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Getting to know Dragged by Horses

Dragged by Horses, drummer, Chris Jaster rides a bike on a couch, with bass player, Jody Goldman looking cool, and lead singer/guitarist Pablo Midence texting important music people, in the band's practice space, an art studio on South G., in Arcata.

Dragged by Horses chills in their practice space, L to R: Jody Goldman, Chris Jaster, and Pablo Midence.

Words and Photos By MELODY STONE, Rock Journalist

“I’ve played for a long time, and this is the hardest, most physically demanding band I’ve been in,” said bassist Jody Goldman. “I’m gonna keep coming back to that. If you’ve played a show right you should be dripping wet and blissful.”

In 2004, when Goldman and Pablo Midence decided to start a band, Midence had been reading a book about the Mexican Revolution.

When he read about a general who punished someone by dragging them behind horses, the name “Dragged by Horses” seemed a good fit for the band.

Midence says the band started out more brutal than they’ve become, and the name is a little more brutal than the music.
“We’re not as loud as we used to be. Maybe we’re just getting deaf,” said Goldman.

The band members discussed a new-found optimism Midence said he felt hadn’t been there at the start.

Drummer Chris Jaster said he doesn’t feel that optimism and still beats the heck out of the drums as a release of aggression about the world at large.

He said he gets really upset at the state of the world and channels that aggression into his drumming.

“I’m a better person because I’m not holding that stress,” said Jaster.

Goldman and Midence and Jaster (who came on the scene after initial conception), have accomplished considerable feats for a small-town band: Two albums, a review on, and a consistent touring schedule.

Each band member said they expect that sort of movement from being in a band.

All three of them have been playing music since their early teens, and Midence since he was eight (although only seriously since he was 14).

Midence said the trick is to just start with one goal, write some songs, then move to play some gigs, record, play some more gigs, play some out-of-town gigs, record some more, play some more out-of-town gigs and get on a label.

In the last four years, they’ve accomplished each goal and released their most recent album, “Deep in the Woods” on High Wheel Records, which helped them get a tour across the middle states.

Though all three bandmembers say they like going on the road, but Goldman really itches for it.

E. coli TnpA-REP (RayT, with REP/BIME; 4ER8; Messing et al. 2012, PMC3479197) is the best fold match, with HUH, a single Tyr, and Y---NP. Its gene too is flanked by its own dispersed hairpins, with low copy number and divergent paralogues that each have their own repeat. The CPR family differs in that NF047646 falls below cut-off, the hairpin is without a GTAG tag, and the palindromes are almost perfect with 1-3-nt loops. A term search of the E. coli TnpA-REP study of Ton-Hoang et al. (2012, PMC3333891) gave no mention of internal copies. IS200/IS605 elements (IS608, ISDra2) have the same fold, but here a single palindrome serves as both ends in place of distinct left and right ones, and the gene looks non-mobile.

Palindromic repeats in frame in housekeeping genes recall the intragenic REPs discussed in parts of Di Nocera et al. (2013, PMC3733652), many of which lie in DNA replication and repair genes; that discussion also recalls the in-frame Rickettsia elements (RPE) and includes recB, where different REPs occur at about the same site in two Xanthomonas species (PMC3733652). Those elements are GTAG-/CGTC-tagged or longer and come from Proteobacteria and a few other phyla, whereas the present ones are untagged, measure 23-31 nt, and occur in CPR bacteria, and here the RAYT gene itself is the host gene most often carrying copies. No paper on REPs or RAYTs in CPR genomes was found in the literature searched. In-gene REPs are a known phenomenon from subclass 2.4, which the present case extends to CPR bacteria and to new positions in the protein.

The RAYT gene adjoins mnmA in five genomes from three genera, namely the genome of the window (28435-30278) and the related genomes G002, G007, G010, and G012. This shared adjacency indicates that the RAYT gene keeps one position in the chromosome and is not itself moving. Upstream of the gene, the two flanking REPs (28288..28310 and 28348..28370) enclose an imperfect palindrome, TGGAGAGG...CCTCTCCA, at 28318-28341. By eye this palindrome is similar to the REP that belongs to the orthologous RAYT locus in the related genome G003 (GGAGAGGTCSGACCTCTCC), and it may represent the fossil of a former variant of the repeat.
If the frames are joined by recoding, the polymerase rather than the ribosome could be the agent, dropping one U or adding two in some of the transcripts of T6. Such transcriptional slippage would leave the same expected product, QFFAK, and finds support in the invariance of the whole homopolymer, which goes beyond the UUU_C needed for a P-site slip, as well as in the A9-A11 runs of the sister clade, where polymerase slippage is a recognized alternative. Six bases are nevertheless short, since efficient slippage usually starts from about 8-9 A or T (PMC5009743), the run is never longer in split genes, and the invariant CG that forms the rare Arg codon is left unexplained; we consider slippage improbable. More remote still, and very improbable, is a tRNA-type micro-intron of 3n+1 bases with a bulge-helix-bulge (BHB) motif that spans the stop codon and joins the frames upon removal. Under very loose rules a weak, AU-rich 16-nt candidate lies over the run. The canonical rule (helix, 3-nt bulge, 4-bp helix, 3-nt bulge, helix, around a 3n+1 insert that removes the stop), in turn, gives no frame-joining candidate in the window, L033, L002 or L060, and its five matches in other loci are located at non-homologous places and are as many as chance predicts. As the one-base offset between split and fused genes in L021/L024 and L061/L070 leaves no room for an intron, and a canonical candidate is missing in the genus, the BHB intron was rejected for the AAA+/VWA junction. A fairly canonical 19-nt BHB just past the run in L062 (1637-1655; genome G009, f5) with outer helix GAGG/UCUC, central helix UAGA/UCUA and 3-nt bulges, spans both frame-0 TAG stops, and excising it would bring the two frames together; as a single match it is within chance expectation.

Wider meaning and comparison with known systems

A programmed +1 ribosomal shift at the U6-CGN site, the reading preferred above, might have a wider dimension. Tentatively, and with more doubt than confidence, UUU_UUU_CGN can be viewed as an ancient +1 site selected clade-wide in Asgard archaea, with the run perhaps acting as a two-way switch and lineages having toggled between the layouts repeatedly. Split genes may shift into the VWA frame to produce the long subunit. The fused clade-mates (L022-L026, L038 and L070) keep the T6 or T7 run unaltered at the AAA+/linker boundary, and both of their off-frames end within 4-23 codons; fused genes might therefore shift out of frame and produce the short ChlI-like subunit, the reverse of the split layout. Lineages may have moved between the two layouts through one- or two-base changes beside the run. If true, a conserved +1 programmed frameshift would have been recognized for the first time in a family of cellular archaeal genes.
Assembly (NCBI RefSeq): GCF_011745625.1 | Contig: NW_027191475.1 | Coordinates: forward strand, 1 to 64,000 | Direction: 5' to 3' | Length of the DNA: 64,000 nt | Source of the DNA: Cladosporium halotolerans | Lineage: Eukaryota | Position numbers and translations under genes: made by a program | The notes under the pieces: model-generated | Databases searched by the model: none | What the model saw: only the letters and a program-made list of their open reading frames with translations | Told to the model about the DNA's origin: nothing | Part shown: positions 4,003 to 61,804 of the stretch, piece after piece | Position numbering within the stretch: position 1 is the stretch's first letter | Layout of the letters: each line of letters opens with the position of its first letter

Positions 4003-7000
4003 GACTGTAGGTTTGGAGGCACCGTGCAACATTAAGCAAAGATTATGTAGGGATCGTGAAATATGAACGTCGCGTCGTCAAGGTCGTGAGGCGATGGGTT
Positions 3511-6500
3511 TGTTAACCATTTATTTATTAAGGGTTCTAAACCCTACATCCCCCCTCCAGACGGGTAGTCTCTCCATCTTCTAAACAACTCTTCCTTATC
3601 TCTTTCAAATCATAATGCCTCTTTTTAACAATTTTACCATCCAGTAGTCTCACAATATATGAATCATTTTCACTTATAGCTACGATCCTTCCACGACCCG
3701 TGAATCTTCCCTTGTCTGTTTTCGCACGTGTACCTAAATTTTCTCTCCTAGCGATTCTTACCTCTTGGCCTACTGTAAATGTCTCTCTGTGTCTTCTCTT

Goldman jokingly attributed his need for travel to growing up in a broken home and moving all the time. He grew up all over the East Bay and, at age 15, started playing with a hippie-jazz band who had paying gigs.

“I get itchy about it. I aspire to play with other groups on the road, just for that adventure,” said Goldman about touring. “Once you go somewhere and you win over a crowd of complete strangers, that sense of being validated, it’s not the same as playing for people who know you.”

Their plans for the future? Writing a new album they hope to release in the summer of 2009, a time frame they decided on during the interview.

They are also planning a small Humboldt County tour over the next couple weekends.

You can catch them this Saturday at the Alibi, Nov. 1 at the Lil’ Red Lion with Panther Attack and 33 and a Third, and Nov. 15 at the Alibi with Prize Country from Portland.

The writing process for Dragged by Horses involves a white board. They write a few sections of music out in symbols, and then play combinations of those sections until it feels right.

Midence said they lean on numbers a lot as a band. They mix up meter and don’t rely on the standard four-four time. Each song is carefully crafted and written out so it’s not forgotten.

Jaster said, “We’re 90 percent lean, we cut a lot of fat off our music.”

Some other random facts about Dragged by Horses: Midence did sound for the Mighty Ducks Hockey Team when he lived in Orange County. Goldman’s mid-set back flip is choreographed, and they prefer fresh fruit and spring water to hard drugs when on tour.

To read the Pitchfork review, visit


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